Some have rebranded when the "Wa" has been disturbed and reputations irreparably tarnished. Daiwa Bank, which not blew through its capital (and then some!) but was the residence of Toshihide Iguchi, one of the first to hide mammoth-amounts of [losing] trade tickets in desk, became "Resona" when the government merged it with Nara, Asahi, and Kinki-Osaka Banks. Ditto the merged near-bankrupts Nissho Iwai and Nichimen who agreed upon Sojitz, (meaning "Double" or "Twin") presumably to demonstrate it was a merger of financially pathetic equals.  However, the most notorious was the creation of Aozora (literally "Blue Sky")and Shinsei (meaning "New born") out of the rotting putrid carcasses of LTCB and NCB.

Cellular giant KDDI - the merger between the KDD and DDI - could be forgiven since both firms were themselves acronyms to begin with, and the merger resulted ostensibly in major savings by eliminating 2 upper-case "D's" (presumably one "D" from each for the sake of equality). Seven & I, the merger of retailing affiliates Ito Yokado and Seven-Eleven were ill-advised by their branding consultants (if they had one), for the result is an alphabetic number with an ampersand and a dangling consonant. Ummm, yeah.

J-Front raised my eyebrows, choosing unusually to ditch their legacy parents of Daimaru and Matsuzakaya (the joke of the price-weighted Nikkei 225 in 1990). The attempt was valiant, but there is something unsettling about the result, at least in English, for "Front" while possibly meaning store front, or two battle fronts, commonly has more nefarious connotations as in a fake or dupe. Clearly they didn't go out to any English focus groups on this one. Kawasaki & NKK Steel's merger into JFE was more successful in jettisoning the baggage of legacy for the future - whatever may be implied by JFE (Japan Ferrous Enterprise?). But somehow the acronym seems to fit the technical nature of the steel industry.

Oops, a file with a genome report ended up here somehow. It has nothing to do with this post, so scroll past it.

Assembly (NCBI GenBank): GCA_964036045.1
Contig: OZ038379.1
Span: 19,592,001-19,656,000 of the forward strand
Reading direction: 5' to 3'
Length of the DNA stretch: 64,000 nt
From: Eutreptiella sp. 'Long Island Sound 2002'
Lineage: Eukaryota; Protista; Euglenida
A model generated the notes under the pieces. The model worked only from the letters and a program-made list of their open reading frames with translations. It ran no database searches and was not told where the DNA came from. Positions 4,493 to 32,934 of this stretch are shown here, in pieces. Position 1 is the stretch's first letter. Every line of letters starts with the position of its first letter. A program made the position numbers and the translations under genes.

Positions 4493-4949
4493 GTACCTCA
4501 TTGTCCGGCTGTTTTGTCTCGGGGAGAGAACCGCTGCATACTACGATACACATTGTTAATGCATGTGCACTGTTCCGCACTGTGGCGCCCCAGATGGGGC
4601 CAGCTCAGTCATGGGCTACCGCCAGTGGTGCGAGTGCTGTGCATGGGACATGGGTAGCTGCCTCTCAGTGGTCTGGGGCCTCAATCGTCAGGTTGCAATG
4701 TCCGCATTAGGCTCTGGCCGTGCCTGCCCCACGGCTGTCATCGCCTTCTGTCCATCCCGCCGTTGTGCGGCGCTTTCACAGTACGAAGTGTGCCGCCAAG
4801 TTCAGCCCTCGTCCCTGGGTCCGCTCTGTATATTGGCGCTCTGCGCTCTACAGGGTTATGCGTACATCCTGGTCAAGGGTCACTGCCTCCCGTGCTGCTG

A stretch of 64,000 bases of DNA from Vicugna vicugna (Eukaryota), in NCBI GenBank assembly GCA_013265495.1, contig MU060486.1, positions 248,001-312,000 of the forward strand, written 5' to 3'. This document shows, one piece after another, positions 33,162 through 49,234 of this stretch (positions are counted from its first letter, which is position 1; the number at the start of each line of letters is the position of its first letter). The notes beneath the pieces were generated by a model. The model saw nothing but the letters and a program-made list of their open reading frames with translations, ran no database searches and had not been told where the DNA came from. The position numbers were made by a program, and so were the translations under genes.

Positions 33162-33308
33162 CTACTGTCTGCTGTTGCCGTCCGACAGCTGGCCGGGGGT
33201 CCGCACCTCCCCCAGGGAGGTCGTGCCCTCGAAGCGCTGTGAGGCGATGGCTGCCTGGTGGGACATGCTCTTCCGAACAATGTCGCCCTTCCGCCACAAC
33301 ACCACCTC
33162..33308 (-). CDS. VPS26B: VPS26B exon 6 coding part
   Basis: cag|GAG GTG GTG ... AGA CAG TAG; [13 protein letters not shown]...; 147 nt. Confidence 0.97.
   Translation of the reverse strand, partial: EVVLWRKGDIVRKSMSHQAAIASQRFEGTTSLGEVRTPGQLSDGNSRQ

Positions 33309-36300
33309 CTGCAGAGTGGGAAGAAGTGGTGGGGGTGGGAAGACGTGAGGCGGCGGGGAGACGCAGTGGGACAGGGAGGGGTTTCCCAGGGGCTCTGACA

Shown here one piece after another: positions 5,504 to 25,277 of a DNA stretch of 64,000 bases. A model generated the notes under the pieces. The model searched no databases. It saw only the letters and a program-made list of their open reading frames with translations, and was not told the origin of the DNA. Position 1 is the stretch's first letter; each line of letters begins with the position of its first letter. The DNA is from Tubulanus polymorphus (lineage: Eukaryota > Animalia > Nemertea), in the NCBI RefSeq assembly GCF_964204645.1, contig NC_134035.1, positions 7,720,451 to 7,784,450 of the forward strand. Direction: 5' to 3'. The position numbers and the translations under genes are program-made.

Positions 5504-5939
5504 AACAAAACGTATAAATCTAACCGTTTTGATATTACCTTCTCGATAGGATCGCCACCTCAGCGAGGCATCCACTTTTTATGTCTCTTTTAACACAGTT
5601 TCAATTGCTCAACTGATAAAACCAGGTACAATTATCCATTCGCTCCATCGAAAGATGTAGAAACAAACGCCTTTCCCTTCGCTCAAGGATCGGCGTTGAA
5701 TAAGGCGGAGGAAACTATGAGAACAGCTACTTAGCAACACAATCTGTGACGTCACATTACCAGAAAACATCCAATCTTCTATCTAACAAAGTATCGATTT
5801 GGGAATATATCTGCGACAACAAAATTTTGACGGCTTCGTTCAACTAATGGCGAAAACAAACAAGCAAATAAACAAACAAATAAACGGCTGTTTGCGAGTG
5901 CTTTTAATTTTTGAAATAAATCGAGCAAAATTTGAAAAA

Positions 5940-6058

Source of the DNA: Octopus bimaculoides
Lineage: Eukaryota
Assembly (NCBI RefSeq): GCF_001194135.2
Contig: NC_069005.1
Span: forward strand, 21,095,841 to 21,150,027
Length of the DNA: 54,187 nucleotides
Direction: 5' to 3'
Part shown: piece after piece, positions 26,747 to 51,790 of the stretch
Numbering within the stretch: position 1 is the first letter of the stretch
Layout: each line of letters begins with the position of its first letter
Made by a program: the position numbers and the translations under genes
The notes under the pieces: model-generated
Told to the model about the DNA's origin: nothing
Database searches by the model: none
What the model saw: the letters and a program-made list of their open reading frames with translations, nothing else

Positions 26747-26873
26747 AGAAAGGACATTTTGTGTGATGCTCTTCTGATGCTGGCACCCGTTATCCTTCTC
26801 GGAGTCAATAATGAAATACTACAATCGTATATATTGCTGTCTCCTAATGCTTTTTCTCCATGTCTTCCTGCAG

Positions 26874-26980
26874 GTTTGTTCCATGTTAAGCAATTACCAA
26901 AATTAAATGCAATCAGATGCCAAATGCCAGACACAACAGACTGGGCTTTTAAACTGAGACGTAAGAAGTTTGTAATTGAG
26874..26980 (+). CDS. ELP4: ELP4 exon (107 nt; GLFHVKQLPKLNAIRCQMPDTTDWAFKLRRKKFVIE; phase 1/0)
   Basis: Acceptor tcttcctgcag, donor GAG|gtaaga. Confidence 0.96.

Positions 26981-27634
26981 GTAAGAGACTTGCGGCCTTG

JX Holdings is entirely more mysterious, even sinister, with the association popping into my head being the evil Baron Silas von Greenback, the toad playing foil to Danger Mouse and Penfold. It was the result of Nippon Oil and Japan Energy which itself arose from Nippon Mining's earlier acquisitions. I suppose it IS economical in this age of the slimmed-down new normal. Heck, only two letters! Imagine the savings on stationary, business cards, and more importantly, signage.
But the coup d'grace goes to the insurance sector, where imagination and vision has always been in short supply. Where there were thirteen there are now four. Mitsui F&M and Sumitomo F&M, became yes Mitsui-Sumitomo, whereafter they joined with Aoi (itself the result of a merger between Dai-Tokyo & Chiyoda) and Nippon Life affiliate Nissay Dowa, to become, yes, you guessed it:  "MS & AD Holdings".  And since it is important not to rock the boat, "Nippon F&M who only a few years ago bedded Koa F&M, the progeny imaginatively known as "Nippon Koa", decided to merge with Yasuda ("Sompo" after gobbling minnows Taisei and Nissan F&M) to become none other than "NKSJ Holding".